It is a common misconception that potato salad requires that the potatoes be smothered lavishly and heart-cloggingly in mayonnaise. It is also a common misconception that the only way to serve new potatoes is boiled with butter and chives. Whilst both scenarios can prove adequately tasty (the latter being the British favourite and the former being the American)- I fancy to suggest that there are other ways to serve the noble new potato.
You can open your eyes now- this really isn’t a scary concept; in fact it’s not anything new. It’s just that most of us resort to what seems easy and what they know best. When my family lived in Philadelphia we had a huge garden where my father grew potatoes, lettuces, tomatoes and as kids we would run out to the veg patch to dig some up for dinner. The excitement of digging them up far succeeded the joy of eating them. Of course they were delicious in their own right- things that come straight out of the ground generally are but it was eating them every night in the same way, as if they were simply a plate filler rather than a contributor to the overall meal that got to me. Boiled and tossed with butter and chives- it’s simple enough and sometimes it’s all a potato needs. Just not every time. Needless-to-say this approach to them rather put me off and I soon decided that I didn’t like new potatoes, avoiding them at all costs. They were boring. Rather like a side salad of iceberg lettuce.
Recently, however, I decided to revisit the boiled new potato- to start over, if you will. Enter, the egg and bacon potato salad. If ever there is a way to improve a dish, it’s by adding two of your favourite ingredients into the pot- eggs and bacon happen to be two of mine. Don goes a little crazy when he smells bacon and does this strange sort of excited barking sound. He’s really very easy to please.
In trying to keep the salad somewhat healthy I decided to boost the flavours with the help of fresh flat leaf parsley, spring onions and garlic rather than adding any extra fat. Don agreed to not adding any extra fat, but he thought that it wouldn’t hurt to add a little extra bacon. Of course then it would have been the egg and potato bacon salad, and that wasn’t what I was going for- but feel free to go crazy on the bacon in your kitchen, excited barking sounds and all.
Egg & bacon potato salad
I’ve given vague quantities for this because it really doesn’t require anything to be exact. If you like eggs- add more eggs. If you love bacon- add more bacon. If you hate garlic, avoid it all together. I didn’t use any oil or butter because I think the bacon and eggs add enough creaminess on their own. You could however add a drizzle of oil to serve. How long it takes to cook the potatoes will depend on the size of your potatoes, but generally speaking they will take between 10-20 minutes. Anything more than that and I get impatient and cut them in half.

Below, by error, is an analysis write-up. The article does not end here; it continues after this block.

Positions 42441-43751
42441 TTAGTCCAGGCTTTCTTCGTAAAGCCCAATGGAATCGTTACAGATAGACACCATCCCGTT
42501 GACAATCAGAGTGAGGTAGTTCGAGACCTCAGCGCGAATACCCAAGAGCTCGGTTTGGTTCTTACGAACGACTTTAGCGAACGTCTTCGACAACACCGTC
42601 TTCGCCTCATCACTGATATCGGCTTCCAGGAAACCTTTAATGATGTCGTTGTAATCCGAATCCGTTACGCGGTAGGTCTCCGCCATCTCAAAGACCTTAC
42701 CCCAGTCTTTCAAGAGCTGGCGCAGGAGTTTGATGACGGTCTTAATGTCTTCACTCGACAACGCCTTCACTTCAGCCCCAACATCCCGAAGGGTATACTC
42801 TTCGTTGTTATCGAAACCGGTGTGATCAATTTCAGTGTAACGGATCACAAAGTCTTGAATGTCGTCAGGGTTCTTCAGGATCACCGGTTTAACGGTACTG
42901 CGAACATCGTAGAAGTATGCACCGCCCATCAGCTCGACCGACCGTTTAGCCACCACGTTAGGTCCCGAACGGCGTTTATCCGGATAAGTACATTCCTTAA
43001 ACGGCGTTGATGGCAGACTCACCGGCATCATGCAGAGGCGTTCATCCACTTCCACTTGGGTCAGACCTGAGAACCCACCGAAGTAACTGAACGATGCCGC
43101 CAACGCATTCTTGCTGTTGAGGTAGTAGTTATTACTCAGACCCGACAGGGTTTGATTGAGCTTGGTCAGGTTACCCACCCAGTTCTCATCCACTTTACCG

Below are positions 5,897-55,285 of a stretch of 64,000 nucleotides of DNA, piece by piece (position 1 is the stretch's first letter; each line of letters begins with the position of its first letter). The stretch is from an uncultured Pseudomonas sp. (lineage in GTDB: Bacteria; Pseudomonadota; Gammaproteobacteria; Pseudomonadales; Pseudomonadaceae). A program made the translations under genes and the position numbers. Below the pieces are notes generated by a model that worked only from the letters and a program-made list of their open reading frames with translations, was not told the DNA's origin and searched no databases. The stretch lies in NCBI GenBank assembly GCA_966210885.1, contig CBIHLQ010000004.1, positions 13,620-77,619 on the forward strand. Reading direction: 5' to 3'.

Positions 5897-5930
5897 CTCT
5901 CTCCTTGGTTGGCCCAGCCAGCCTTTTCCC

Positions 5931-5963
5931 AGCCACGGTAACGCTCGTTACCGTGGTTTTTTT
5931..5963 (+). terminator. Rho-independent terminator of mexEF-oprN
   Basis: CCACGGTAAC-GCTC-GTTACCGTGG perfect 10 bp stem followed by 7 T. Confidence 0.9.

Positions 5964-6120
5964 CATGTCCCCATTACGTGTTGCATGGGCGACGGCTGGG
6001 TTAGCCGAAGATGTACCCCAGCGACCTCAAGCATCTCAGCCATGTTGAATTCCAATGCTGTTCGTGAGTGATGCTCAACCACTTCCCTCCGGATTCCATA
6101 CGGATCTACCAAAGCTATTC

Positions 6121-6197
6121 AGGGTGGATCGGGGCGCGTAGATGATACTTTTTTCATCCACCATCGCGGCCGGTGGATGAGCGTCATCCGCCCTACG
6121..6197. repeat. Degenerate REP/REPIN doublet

Serves 6 as a side dish
1 kg new potatoes, cleaned
6-8 slices streaky bacon
3 cloves garlic, very finely sliced.
4 tbsp roughly chopped flat leaf parsley
zest 1 lemon
bunch of spring onions (scallions), finely sliced (about 6 thin ones)
1. Put the potatoes in a large saucepan filled with cold water and bring to the boil. Let bubble away for 10 minutes before checking (if they are tiny ones) 15 minutes if they are small, 20 if they are medium and so on. You should be able to cut through them with a table knife and of course they shouldn’t be hard or falling apart. You’re on your own on this one.
2. Once the potatoes are cooked, drain them and once they are cool enough to handle (cooler, not cold) cut them in half or quarters if they are big or if they are tiny leave them whole.
3. Whilst the potatoes are cooking bring another saucepan up to the boil for your eggs. Carefully spoon the eggs into the water. Allow the water to come back up to a gentle boil and set a timer for seven minutes. After seven minutes, take the saucepan off the heat and allow to sit for one minute. Drain and run under cold water. This should give you hardboiled eggs without a dried-out yolk. Once cool enough to handle crack the shells and peel. Cut them anyway you like- I usually cut each half into six pieces.
4. Cook the bacon in a frying pan until crispy. Remove from the pan and onto kitchen towel to absorb the excess fat. Remove all but 1 tbsp of bacon fat from the pan and gently fry the garlic so that it is crispy and beginning to go golden. Remove onto the kitchen towel.
5. To assemble, place the potatoes in a large bowl and toss in the parsley, zest, spring onions, eggs and garlic. Crumble over the bacon (or slice and add), season with salt and pepper and gently toss together. This can be served warm or cold but for presentation purposes I would avoid mixing until you are ready to serve.